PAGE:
Mid Cap Stocks occupy a unique place in the market capitalisation continuum around the $2bn to $10bn space. At this stage in the economic cycle professional investors are turning to Mid Cap stocks to solve two main issues.
1. Optimising Risk Budgets
The U.S. Mid Cap universe is 'represented' by stocks 201-1000 within the Russell 1000 index i.e. they just fall outside of the largest 200 US stocks which are the most covered by broker research. This last point is what makes them specifically interesting:
With less broker coverage, the opportunity for active managers to uncover hidden gems that can add alpha to their portfolio is more prevalent.
And at the same time, the volatility of the mid-cap universe only tends to be 10-20% higher than the entire Russel 1000. In other words, there is potential return per unit risk enhancement to be found by specialised active mid-cap managers.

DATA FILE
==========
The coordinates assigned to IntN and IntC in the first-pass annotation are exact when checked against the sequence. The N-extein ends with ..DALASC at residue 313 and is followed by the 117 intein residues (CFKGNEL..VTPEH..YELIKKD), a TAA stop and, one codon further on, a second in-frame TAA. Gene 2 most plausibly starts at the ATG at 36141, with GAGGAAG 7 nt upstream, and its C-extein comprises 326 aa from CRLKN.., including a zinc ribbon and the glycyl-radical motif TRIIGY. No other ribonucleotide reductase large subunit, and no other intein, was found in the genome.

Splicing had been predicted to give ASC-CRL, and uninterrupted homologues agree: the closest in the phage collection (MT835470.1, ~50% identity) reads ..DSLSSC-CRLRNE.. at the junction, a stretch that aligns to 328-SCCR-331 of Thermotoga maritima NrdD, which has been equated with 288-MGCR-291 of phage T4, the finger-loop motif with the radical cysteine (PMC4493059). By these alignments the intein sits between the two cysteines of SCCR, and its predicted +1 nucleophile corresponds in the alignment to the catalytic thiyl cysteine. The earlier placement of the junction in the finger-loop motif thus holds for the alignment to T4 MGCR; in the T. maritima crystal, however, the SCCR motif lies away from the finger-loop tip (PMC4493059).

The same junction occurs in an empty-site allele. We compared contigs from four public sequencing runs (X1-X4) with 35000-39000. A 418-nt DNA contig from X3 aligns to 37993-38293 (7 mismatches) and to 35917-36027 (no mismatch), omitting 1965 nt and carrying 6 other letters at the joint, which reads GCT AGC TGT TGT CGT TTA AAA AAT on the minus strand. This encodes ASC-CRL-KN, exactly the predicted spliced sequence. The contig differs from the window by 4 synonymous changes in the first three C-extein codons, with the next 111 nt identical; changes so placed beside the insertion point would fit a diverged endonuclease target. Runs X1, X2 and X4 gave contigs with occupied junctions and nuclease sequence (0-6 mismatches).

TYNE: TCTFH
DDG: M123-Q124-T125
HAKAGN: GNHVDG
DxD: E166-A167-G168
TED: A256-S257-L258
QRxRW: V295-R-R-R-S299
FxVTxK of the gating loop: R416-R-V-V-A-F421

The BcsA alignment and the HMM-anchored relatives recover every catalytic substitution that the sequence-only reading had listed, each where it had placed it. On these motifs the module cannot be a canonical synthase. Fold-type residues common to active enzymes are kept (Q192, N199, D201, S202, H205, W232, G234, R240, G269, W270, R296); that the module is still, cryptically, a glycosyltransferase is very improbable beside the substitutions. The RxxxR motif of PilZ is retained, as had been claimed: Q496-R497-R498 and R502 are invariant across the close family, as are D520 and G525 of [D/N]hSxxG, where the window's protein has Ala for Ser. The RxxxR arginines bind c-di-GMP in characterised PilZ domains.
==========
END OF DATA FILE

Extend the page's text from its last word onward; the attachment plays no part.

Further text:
2. Balancing Style Risk
Style risk is not always a factor to which investors wish to have an exposure bias - either on the growth or the value side. But it can exist as a result of benchmark choice, or market capitalisation exposure.
In many cases, much of the small cap universe is dominated by 'young' companies growing fast. And at the other extreme, large caps exhibit slower growth but are are often mature, stable and highly diversified businesses.
Mid Caps arguably fill the gap in the portfolio reserved for above average earnings growth companies (unlike large caps) without the 'newbie' business risks associate with smaller companies.
In short, investors are now looking for both quality and earnings growth, from companies that are less well known by the market. And ideally, who are in a position to capture and monetize long term trends.